Gareth Bale and Aaron Ramsey were shepherded past journalists by the Wales FA’s head of PR, Ian Gwyn Hughes, and when the team bus pulled away, both players remained an enigma.
Ramsey had not publicly discussed the World Cup once out here and Bale did so only to fulfil FIFA obligations, before or after the country’s three matches.
Bale did tell the BBC that it wasn’t over for him. ‘I’ll keep going as long as I can and as long as I’m wanted,’ he said. ‘We have a (European) qualification campaign starting in March. I hope to be involved, yes.’
Gareth Bale is closing in on the end of his international career after World Cup elimination
Wales boss Rob Page will get more control over future squad’s once current legends retire
Strange to say, perhaps, after a desperately disappointing tournament in which Bale and Ramsey’s struggles dominated the Wales narrative, but they should still be ‘wanted’.
A Euro 2024 qualification group with Albania, Latvia, Turkey and, first up, Croatia, with two spots available for the Germany finals, will be a different world to this kind of intensity. The aura these two players create and the tone they set are reasons why they should be persuaded to stay, as a new generation is brought on.
Bale seems sick of the media, palming away a TV camera which was shoved in his face as he walked from the bench to the field at the end of the loss to England, but his team-mates find his love of the Welsh camp utterly infectious.
Managing these two superstars cannot have been easy for Rob Page, whatever he may say to the contrary. Page has been their boss in name alone, these past two weeks. It is why there was no way he would have made one or both of them impact substitutes against England, as many Wales fans had wanted.
Bale appeared dismissive as he shoved a camera to the side after Wales’ loss to England
Midfielder Aaron Ramsey has also entered the twilight of his international career
Now, he should have the licence to use them as he sees fit, even though he does not emerge from this tournament with his own tactical credentials hugely enhanced.
It will not happen, but Wales would benefit from 33-year-old Bale bringing his skills home to Cardiff. Had he signed for Cardiff City last summer, rather than Los Angeles FC, he would have had the benefit of the Wales FA’s sports science and medical teams being based in the same building as his club.
This has been a huge asset to the potential next Welsh jewel — Cardiff City’s Rubin Colwill, whose physical progress has been affected by growth spurts.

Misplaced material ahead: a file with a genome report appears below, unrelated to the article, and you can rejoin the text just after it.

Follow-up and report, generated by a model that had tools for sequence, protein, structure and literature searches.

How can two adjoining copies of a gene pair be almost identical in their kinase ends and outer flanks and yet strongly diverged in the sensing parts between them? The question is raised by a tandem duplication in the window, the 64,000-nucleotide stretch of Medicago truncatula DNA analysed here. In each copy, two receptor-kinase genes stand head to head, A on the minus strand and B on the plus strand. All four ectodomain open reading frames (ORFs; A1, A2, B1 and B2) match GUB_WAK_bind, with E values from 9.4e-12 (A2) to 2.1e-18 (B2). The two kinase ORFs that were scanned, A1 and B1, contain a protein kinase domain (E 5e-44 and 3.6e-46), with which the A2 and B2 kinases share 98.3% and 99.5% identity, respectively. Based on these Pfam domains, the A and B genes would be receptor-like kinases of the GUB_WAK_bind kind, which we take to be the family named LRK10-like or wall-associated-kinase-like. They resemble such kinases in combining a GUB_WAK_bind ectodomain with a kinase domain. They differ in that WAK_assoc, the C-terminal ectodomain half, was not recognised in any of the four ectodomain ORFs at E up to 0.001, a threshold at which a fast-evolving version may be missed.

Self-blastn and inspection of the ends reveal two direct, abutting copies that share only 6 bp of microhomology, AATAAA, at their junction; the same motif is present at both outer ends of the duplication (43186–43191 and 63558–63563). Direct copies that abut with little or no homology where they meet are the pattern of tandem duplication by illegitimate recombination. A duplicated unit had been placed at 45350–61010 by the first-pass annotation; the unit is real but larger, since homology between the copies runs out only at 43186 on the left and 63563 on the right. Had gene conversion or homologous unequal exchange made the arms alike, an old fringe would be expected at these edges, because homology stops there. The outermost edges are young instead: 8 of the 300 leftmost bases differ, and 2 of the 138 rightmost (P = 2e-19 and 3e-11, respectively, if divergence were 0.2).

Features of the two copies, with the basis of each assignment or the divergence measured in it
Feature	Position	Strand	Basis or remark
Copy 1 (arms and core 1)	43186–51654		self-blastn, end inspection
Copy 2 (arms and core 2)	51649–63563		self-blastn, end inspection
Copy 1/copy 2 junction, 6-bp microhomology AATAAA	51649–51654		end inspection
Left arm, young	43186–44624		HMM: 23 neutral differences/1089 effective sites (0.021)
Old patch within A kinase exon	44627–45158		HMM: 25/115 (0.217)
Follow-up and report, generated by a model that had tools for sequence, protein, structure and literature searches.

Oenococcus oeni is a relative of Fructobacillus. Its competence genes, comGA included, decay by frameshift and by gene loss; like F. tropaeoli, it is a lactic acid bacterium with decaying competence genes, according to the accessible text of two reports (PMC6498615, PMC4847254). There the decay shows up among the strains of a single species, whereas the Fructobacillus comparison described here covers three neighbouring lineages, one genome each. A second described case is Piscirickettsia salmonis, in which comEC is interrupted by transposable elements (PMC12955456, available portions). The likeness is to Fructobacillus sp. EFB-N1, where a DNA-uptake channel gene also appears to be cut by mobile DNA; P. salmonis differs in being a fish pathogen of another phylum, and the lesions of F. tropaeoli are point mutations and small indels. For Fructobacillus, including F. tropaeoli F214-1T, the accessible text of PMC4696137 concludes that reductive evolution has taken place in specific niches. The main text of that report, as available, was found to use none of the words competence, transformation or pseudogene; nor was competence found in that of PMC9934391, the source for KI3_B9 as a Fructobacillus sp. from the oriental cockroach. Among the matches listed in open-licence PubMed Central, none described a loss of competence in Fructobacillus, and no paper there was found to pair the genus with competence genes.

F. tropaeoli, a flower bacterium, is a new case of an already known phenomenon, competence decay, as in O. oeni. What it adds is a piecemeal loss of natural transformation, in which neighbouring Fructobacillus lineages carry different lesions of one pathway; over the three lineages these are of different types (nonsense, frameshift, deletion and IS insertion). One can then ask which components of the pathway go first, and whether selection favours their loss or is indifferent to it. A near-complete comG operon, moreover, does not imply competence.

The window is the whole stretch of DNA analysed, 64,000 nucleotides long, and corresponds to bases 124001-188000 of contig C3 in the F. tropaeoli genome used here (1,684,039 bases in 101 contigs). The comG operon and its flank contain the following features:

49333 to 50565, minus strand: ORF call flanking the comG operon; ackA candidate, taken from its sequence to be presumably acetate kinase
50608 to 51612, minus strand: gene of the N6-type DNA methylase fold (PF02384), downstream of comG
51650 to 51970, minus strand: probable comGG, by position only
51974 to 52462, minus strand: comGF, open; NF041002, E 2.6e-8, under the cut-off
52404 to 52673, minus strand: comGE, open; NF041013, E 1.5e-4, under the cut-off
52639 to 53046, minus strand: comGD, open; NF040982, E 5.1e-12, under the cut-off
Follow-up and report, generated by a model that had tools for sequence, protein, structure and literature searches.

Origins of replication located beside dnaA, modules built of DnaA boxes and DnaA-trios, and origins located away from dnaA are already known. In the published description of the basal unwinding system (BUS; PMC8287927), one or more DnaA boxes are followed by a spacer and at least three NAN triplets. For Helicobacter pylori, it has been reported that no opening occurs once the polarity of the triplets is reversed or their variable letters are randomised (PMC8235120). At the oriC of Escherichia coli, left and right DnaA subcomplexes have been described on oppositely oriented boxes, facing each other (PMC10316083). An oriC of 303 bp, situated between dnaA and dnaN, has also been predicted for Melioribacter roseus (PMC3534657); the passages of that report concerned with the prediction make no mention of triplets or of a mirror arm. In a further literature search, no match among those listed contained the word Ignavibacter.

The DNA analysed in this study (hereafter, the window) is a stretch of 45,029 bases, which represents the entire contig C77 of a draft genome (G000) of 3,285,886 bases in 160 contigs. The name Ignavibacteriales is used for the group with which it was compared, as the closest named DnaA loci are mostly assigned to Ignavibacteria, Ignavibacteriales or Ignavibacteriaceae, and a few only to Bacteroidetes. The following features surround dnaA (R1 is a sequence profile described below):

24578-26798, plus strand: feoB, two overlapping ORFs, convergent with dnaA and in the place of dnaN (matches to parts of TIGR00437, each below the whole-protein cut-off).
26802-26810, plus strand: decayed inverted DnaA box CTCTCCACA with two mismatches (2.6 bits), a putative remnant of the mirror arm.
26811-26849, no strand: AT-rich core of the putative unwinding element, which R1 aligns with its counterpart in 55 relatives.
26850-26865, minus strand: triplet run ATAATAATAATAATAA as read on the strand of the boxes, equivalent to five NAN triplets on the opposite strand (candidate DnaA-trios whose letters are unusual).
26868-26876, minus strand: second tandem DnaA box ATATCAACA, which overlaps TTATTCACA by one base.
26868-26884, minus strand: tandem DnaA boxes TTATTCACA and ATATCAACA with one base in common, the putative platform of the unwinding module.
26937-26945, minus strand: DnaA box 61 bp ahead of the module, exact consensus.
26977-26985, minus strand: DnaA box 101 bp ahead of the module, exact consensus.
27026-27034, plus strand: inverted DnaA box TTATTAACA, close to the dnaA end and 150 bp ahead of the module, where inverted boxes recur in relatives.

But Colwill is a major talent. There was symbolism about the 20-year-old replacing an exhausted Joe Allen after 81 minutes against England. He is the one the Welsh FA are most excited about.
Cardiff City youngster Rubin Colwill (left) is tipped as a major talent for the Welsh national side
Others coming through include Swansea City midfielder Oli Cooper, 22, Birmingham City midfielder Jordan James, 18, and 17-year-old Luke Harris, the midfielder who made his Premier League debut for Fulham last month. Harris and James were both brought out to Qatar, for the major tournament experience.
Perhaps the next Wales model will be more similar to a country like Switzerland, whose team is greater than the sum of its parts and does not have superstars.
Every one of these next prospects will be hoping that Bale and Ramsey do play on, giving them the chance to sit alongside their heroes in the dressing room.
The same goes for Nottingham Forest’s Brennan Johnson, who replaced Bale on Tuesday —another one for the post-Bale era.
Nottingham Forest winger Brennan Johnson is another star tipped to shine in a post-Bale era
‘I would like to see what this young lad can do,’ Ian Rush said of him this week. ‘He’s going to be some player this one, he’s great.’
Burnley’s Connor Roberts said he did not know whether Bale and Ramsey would play on. ‘I am not sure,’ he said. ‘You would have to ask them.
‘The next achievement will be not only to get to a World Cup, but to get out of the group stages. We might have to wait a while. Or we may not have to wait too long.’
Rob Phillips, the hugely respected BBC Radio Wales journalist, offered the shrewdest perspective.
‘Sometimes it’s important to remember where you have come from,’ he said. ‘For most of my working life, covering Wales has been a story of heartbreak and disappointment. Now I have commentated on Wales in three major finals, including a World Cup. A privilege I shall always cherish.’
Bale is currently Wales’ top appearance maker (111 caps) and top goalscorer (41 goals) ever